The largest Belgian mobile operator Proximus wants to build its 5G core network with the Swedish network equipment supplier Ericsson. Both companies announced this on Friday in Brussels. In recent years, the former mobile communications division of the former state-owned company Belgacom relied primarily on technology from the Chinese 5G provider Huawei to expand its network. Huawei in particular is suspected by the US of cooperating too closely with the Chinese Communist Party.
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Proximus manager Geert Standaert said the decision to work with Ericsson was an important step in implementing the network strategy. The cloud solution will also be used to renew the existing 4G network (LTE).
Few 5G providers
The decision in Belgium was preceded by long discussions about possible additional costs when switching to a new supplier. The network operators in Germany are also leading a similar debate.
In the technically complicated market for the new 5G mobile communications standard, which requires billions to be invested in research and development, there are only a comparatively few providers worldwide. In addition to the Chinese groups Huawei and ZTE, these are above all Ericsson and Nokia from Scandinavia and Samsung from South Korea. US providers such as Cisco and Aruba Networks (Hewlett Packard Enterprise) only play a role in marginal areas.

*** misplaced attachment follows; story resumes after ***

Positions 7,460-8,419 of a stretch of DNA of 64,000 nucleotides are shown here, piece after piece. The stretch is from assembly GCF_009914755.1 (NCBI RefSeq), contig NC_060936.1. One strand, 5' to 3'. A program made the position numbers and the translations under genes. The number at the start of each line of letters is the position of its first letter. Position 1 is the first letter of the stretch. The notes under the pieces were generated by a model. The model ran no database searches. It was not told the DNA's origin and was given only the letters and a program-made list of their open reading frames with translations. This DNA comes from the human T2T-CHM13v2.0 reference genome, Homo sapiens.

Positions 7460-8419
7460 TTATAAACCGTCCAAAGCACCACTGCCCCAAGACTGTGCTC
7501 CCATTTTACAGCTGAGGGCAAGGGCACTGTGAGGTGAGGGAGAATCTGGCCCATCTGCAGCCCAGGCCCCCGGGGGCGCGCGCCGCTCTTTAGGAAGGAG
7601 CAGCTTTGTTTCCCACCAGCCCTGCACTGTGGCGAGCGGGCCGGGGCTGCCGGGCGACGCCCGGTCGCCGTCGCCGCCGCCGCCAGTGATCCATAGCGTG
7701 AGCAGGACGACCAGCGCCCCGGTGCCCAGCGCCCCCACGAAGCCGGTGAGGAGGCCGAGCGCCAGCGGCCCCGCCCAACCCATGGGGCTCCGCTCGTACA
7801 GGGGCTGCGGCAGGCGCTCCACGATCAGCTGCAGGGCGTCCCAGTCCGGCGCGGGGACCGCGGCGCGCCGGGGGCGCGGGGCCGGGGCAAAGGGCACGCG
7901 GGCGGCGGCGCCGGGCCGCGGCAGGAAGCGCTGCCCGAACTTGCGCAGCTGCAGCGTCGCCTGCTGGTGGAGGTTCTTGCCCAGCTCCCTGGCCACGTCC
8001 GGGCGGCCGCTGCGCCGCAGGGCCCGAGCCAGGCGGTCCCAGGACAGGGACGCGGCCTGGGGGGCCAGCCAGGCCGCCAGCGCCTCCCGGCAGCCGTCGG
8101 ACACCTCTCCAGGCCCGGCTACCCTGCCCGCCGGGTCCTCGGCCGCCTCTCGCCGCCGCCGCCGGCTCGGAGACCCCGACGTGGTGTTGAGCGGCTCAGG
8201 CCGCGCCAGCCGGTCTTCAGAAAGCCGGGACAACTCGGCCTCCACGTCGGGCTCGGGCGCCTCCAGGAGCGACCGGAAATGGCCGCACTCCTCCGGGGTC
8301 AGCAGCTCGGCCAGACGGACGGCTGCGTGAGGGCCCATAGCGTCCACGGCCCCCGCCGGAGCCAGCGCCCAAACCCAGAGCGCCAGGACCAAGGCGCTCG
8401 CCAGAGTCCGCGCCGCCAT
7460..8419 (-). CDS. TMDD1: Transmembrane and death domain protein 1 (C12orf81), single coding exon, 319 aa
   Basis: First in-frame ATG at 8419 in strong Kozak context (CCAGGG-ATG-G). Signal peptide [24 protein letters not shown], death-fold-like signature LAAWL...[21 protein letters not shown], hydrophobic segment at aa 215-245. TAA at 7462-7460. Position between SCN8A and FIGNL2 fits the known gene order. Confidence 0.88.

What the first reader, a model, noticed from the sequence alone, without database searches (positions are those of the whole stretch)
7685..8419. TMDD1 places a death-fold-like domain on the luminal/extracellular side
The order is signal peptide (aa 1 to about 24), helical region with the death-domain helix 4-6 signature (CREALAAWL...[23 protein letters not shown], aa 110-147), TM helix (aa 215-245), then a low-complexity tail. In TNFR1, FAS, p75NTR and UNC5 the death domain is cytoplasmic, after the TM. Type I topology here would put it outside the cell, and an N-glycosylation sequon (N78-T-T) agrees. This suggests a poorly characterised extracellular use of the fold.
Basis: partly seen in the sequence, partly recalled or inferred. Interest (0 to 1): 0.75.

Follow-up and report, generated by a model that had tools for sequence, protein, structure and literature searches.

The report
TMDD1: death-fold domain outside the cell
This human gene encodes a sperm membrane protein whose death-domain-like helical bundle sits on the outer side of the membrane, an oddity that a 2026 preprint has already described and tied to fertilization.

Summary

Trump assumes Huawei is close to the Chinese government
The US government in particular has political reservations about suppliers from China. President Donald Trump’s administration alleges that Huawei is inappropriately close to the Chinese government and has raised security concerns. Under pressure from the USA, Great Britain has also decided to forego 5G equipment from Huawei, although this entails high additional costs for expanding the 5G network. 5G creates the basis, among other things, for the networking of machines in industry and of intelligent devices as well as for digitization in many areas of life.
The Belgian telecommunications group Belgacom was at the center of an espionage affair in 2013. At the time, a publication by US whistleblower Edward Snowden suggested that the British secret service GCHQ had penetrated Belgacom’s computer network with a cyber attack in 2011. Belgacom stated at the time that the attack had had limited success. In the materials published by Snowden, however, it was stated that the GCHQ, with the help of the US secret service NSA, was able to penetrate deep into the network and thereby gain access to data streams from Belgacom customers.